Monday, July 11, 2011

Never Sit Down in a Hoopskirt and Other Things I Learned in Southern Belle Hell

When I read a book I try to remember that not everyone has had the life experiences that I have, so when I think something is hilarious it not may be for other people.  But ya'll, this book is a hoot!

Seventeen-year-old Ashley Jane Fontaine Ventouras has a proud Southern heritage to go with her long name and a list of boarding schools that she's been kicked out of that's even longer.  Back in her home town of Bienville, Alabama, for the first time in five years Jane finds herself in just about every kind of situation she doesn't want to be in.  The ghost of her mother (figuratively, not literally - we're not in Savannah) is every where, from the people she meets who give her faux sympathy to the Magnolia Maids her grandmother wants to her be a part of.  Much to Jane's horror, she gets chosen to be a Magnolia Maid - a group of young ladies who are supposed to be "ambassadresses" of Bienville for a year to the rest of the country.  The Maids, who have always been from the rich, white class are diversifying this year...Brandi Lyn is from the working class; Zara, although incredibly rich, is black; and Jane, despite her wealthy family is now considered an outsider.  This is change and as Jane says that is the "dirtiest six letter word in town."  Her sarcasm and general lack of fervor for pearls and pastels isn't helping either.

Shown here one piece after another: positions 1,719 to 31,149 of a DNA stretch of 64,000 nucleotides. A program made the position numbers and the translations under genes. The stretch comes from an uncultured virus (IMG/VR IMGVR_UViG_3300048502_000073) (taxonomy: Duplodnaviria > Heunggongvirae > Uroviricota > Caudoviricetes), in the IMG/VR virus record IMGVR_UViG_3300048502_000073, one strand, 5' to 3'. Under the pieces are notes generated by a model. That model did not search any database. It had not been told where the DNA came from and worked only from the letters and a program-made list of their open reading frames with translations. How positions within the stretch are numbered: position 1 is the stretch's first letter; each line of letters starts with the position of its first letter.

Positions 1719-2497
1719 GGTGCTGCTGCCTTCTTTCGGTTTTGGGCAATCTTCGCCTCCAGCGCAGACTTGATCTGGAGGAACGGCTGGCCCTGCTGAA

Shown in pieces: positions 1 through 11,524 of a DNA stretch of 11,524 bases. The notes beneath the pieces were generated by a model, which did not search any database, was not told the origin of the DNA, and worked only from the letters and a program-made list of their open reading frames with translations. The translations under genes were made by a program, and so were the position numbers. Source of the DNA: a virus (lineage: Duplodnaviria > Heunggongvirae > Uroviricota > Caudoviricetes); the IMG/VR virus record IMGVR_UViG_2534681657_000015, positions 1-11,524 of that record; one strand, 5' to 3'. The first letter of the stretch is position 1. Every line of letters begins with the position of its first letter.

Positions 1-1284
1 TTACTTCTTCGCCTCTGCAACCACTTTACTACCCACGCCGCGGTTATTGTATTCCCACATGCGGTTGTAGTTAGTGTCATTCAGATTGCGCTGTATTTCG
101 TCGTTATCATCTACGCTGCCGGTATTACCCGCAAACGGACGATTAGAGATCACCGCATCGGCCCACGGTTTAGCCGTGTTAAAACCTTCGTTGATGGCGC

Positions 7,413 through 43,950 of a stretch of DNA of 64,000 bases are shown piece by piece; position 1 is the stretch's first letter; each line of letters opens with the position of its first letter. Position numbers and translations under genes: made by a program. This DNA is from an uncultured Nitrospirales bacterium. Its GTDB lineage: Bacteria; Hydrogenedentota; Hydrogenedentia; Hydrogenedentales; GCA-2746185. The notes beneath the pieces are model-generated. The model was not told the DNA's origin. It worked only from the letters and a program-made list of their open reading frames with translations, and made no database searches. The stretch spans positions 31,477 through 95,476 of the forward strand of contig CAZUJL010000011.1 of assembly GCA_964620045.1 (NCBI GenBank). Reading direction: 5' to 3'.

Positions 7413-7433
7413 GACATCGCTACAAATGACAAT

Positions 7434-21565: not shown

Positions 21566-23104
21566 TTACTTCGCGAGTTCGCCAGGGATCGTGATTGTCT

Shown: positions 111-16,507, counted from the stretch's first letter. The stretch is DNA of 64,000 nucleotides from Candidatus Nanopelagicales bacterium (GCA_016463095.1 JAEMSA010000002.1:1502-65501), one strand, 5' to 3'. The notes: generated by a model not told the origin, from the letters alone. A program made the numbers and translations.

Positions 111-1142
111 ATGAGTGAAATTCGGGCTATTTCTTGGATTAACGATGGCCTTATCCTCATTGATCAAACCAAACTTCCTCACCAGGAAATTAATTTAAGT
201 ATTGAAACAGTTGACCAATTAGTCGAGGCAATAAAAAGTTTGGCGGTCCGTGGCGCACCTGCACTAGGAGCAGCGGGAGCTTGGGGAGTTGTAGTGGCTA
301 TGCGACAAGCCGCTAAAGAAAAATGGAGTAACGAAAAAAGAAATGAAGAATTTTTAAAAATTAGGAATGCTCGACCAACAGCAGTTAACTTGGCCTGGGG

Oh and Luke Churchville, the guy that she's never forgotten, her best friend and first kiss, had turned into a serious hottie.  The problem is that they haven't spoken in five years.  The agony Jane goes through in figuring out if she wants to see him again and the hilariously awkward first re-sighting...any woman alive will remember those emotions and any teenager reading it will immediately identify.

Jane is a perfect combination of snark and Southern charm.  She's also authentic and completely believable.  Don't believe me?  Spend a few days hanging around with my mom and she'll point out plenty of potential Janes.  This was a breath of fresh air, an easy read, and even thought it wasn't suspenseful I didn't want to put it down.  I hope Crickett Rumley writes more YA fiction!   

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